Blades 24 are designed as circulation control rotor blades and air from plenum 13 flows through flexible ducts 28 to the inside of rotor blades 24. One air duct 28 is provided for each blade 24 and has the primary function of carrying the circulation control air flow which has been modulated by valving means 29 located within plenum 13. Such valving means are well-known in the art and, by way of example, one such valving means is shown and described in U.S. Pat. No. 3,567,332, entitled, "Helicopter Rotors and The Like", which issued Mar. 2, 1971, to Austin Seed.
Referring to FIG. 2 of the drawing, broken lines 31 represent a fairing envelope which might be added to the rotor hub assembly. Space 32, which is outside rotor hub 15 and within the aero-dynamic fairing envelope can be utilized for locating the pitch changing means required for control of blade incidence. As quill shaft 22 can be a hollow member, the interior of shaft 22 can provide a convenient path for connective elements of the pitch control means to run between the rotor mounted elements and those in the helicopter fuselage.
In operation, quill shaft 22 rotates rotor hub 15 about rotor mast 11 which is attached to a fuselage 12 of a helicopter. Rotation of rotor hub 15, in turn, rotates flexible hub plate 23 which is attached to flange 18 of rotor hub 15. Blades 24 which are pivotally attached one each to a pitch axle 26, are, in turn, rotated by flexible hub plate 23. The flat plate region 25 of plate 23 provides a high bending stiffness in the plane of rotation, due to the width of the plate and a lesser bending stiffness in a plane normal to the plane of rotation, due to the thinness of the plate. Rotor mast 11, rotor hub 15 and torque plate 21 form a plenum 13, and air from a compressor is supplied to plenum 13 through one or more air ducts 14. Air from plenum 13 is modulated by valving means 29 and is piped to rotor blades 24 through air ducts 28.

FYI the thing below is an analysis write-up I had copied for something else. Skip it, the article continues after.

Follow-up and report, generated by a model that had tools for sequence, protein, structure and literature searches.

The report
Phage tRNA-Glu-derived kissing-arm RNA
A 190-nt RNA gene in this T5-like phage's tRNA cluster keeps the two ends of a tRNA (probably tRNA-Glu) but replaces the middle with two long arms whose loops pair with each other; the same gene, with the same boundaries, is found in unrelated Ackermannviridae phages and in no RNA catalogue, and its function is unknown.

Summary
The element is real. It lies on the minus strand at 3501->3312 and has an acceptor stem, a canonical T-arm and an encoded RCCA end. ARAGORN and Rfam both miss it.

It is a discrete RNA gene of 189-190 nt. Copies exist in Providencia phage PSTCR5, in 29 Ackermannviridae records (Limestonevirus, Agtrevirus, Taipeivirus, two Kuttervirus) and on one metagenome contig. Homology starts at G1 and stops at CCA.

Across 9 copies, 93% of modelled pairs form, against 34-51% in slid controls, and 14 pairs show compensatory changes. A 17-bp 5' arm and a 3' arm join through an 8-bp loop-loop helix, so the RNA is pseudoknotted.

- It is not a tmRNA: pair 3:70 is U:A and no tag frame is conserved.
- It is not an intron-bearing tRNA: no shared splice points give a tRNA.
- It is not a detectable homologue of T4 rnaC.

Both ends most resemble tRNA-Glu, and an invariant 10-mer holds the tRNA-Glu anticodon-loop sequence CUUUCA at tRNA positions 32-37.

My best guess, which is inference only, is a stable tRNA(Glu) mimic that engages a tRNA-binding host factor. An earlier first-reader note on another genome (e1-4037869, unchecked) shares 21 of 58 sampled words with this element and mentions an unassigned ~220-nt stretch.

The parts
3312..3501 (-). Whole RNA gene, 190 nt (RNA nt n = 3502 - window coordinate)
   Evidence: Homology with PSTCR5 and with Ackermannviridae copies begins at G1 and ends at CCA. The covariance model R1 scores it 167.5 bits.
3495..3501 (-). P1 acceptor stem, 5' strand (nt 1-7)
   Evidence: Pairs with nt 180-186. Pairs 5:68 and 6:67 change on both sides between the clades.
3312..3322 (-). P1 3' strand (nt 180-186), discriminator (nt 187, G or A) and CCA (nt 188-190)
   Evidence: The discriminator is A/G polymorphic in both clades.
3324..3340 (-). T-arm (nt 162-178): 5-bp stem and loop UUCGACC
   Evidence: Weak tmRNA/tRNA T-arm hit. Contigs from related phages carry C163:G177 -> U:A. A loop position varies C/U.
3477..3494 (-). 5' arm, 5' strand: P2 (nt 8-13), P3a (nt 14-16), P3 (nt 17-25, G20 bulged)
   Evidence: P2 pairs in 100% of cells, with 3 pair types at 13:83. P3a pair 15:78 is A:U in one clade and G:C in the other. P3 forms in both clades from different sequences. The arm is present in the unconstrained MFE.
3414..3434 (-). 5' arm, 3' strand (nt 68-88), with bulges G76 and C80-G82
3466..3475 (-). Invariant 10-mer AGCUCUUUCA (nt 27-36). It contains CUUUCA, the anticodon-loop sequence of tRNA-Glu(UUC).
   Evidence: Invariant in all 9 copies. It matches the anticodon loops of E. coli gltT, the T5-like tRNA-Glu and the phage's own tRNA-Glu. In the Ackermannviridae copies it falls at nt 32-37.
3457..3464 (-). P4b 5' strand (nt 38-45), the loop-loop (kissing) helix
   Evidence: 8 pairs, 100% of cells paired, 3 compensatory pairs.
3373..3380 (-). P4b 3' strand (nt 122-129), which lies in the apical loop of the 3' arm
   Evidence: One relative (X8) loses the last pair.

It can thus be seen that the present invention provides an improved rotor hub for a helicopter equipped with a circulation control rotor.
Obviously many modifications and variations of the present invention are possible in the light of the above teachings. It is therefore to be understood that the invention may be practiced otherwise than as specifically described.
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|Citing Patent||Filing date||Publication date||Applicant||Title|
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|WO2012171004A1 *||Jun 11, 2012||Dec 13, 2012||Bluebirds Technology Llc||Helicopter with rotor blade load control method and device|
|U.S. Classification||416/20.00A, 416/141, 416/20.00R|